by Nickii Wantakan Arcado
How it all began : Pre-War Thailand and Japanese Relationship
Thai-Japanese relations can be traced back as early as King Naresuan (1590-1605) reign during the Ayutthaya and Sukhothai dynasty. Stories were told that he defeated the Burmese Prince, Phra Maha Uparaja, with the help of over 500 Japanese Soldiers. During the 1600s, Japan was recorded as one of Thailand’s greatest trading partners. Trade usually involved silk, deer-hide, and shark skin in exchange for Japanese silver and handicrafts. Japan’s frequent visits and economic activities with Thailand challenged the Dutch East India Company’s trading monopoly in Southeast Asia, and by 1620, Thailand was trading with Japan more than any other foreign nation.
Japanese communities were also forming in the city of Ayutthaya during the 1620s. As much as 7,000 inhabitants lived in the commune, supervised by Japanese authorities chosen by the Thai government. Some had fled their home following the death of Toyotomi Hideyoshi and Tokugawa Ieyasu (who were great daimyō during the Sengoku period) while other were unemployed samurais hoping to start a new life and find work in Southeast Asia. The colony was valued for its military expertise and experience with the Shogunate, and active forces were deemed "Department of Japanese Volunteers". One of the more prominent individuals who lead this Japanese military group was Yamada Nagasama, a prominent adventurer who gained the trust and loyalty of the Crown King of Thailand. While spending most of his life in the Ayuttaya commune, he was eventually given jurisdiction to the government the province of Nakhon Si Thammarat, furthering positive relationships between Thailand and Japan.
By 1630 however, Japan adopted an isolation approach to their foreign policy deemed the Sakoku period. In addition to transforming Thai society as a whole, Thailand’s King Siam Prasat Thong also sought to destroy the Japanese settlements in Ayutthaya. Trade, communication, and societal relationships between Thailand and Japan thus were severed, and the Dutch took over as Thailand’s largest trading partner. No one would imagine that the next encounter between the two countries, would be one of mediation and intervention.
How it escalated: The Franco-Thai War
The fall of France in June of 1940 provided an ample opportunity for Thai forces to launch attacks in both Laos and Cambodia. Weakened, the French administration was cut off from outside help leaving a power vacuum for their colonies in Southeast Asia. The fighting persisted mostly in the eastern border of the country as well as territories that were previously lost to both the colonial powers of France and the United Kingdom in the nineteenth and early twentieth century. The fighting eventually leads to a stalemate, with neither side presenting a clear victory. It was at this time that Japan intervened, organizing a mediation opportunity titled the “Conference for the Cessation of Hostilities” held in Saigon, Vietnam. The conference contained documented requesting a ceasefire between Marshal Philippe Petain from France and Generals from the Kingdom of Thailand. The ceasefire was signed on January 31, 1941, with an armistice deal arranged to be effective two days prior. By May, a peace treaty between the two parties was signed in Tokyo, where France agreed to relinquish the disputed territories. By March 1941, France ceded over 54,000 square kilometers of Laotian territory west of the Mekong river to Thailand. These also included Battambang and Pailin (renamed Phra Tabong Province), Siem Reap, Banteay Meanchey and Oddar Meanchey (incorporated as Phibunsongkhram Province) and Xaignabouli and Luang Prabang Province (which was renamed to Lan Chang Province).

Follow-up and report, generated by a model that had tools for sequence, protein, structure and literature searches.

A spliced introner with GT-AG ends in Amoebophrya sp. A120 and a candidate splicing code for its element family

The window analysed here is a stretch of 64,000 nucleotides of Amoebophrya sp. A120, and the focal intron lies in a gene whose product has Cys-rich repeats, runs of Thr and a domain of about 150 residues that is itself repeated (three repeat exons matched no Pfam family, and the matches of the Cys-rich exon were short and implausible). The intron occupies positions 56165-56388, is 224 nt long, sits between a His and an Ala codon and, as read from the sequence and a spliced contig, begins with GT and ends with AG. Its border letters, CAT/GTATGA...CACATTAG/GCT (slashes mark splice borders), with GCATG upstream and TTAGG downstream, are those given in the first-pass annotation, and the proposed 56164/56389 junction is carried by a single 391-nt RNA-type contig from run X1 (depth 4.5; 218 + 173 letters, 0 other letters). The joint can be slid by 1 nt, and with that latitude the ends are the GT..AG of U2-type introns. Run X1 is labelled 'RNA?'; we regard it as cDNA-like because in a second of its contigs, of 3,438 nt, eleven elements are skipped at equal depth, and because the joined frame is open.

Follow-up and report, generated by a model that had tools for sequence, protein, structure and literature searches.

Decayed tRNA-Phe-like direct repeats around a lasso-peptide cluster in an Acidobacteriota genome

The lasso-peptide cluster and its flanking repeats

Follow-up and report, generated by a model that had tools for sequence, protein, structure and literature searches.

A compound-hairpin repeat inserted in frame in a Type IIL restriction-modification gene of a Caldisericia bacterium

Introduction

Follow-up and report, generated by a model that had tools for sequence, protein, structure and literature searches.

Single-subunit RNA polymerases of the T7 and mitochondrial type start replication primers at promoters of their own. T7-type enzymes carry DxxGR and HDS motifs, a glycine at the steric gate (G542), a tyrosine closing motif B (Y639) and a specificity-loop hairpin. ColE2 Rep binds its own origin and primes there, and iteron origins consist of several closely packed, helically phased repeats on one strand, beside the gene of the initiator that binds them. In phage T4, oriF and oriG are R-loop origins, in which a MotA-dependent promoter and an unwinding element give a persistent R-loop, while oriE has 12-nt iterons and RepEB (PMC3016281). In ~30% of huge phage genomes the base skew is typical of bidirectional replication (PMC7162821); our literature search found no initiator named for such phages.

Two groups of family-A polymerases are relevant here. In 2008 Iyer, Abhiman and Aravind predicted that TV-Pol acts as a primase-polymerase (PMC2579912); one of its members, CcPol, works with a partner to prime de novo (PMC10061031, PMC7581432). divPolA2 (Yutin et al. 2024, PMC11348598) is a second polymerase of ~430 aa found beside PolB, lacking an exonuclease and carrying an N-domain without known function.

In response to their proposed victory, Thailand build ‘Victory Monument’ (อนุสาวรีย์ชัยสมรภูมิ) a Obelisk monument located in Bangkok, Thailand around the Rachathawi District, one of the most important intersections in the city. The statue, although a popular tourist attraction, many locals recall the history of the monument and the meaning behind it has been reinterpreted and repurposed as a shrine to pray for good luck and wealth.
Significantly, the Thai victory over French forces not only allowed for the eventual establishment of Axis power bases in Thailand, but such event marked the first modern victory of an Asian country over a Western nation.
How it proceeded: December 8, 1941 and the Occupation
Observing Japan’s growth in power within Southeast Asia, Prime Minister Phibun sought support from both the United States and the United Kingdom if Japan were to invade Thailand. While Prime Minister Winston Churchill was in favor of declaring war on Japan if they decided to infiltrate the Kingdom of Siam, the United States was unwilling to agree as the nation still adopted a policy of neutrality during the first years of the war. British forces, fearing that they would not have enough western support in Thailand, therefore, also did not agree to Phibun’s proposition. After days of continuous attacks at the southern border, Japan then moved to occupy Thailand on December 8, 1941.
To Japan, Thailand’s location was of strategic importance. The country provided both land and sea passages to Malaya (currently Malaysia) and Burma (currently Myanmar). This provided Japan with logistical and administrative advantages in Southeast Asia compared to their Allied counterpart, as Japan was now capable of launching campaigns from Thailand as well as supply these campaigns more easily. In addition, since Thailand was never colonized by western powers, Japan used the country as an example of what a “free” nation without colonial country could be under Japanese influence. This idea came to be known as Hakkō Ichiu and further expanded to the concept of the Greater East Asia Co-Prosperity Sphere.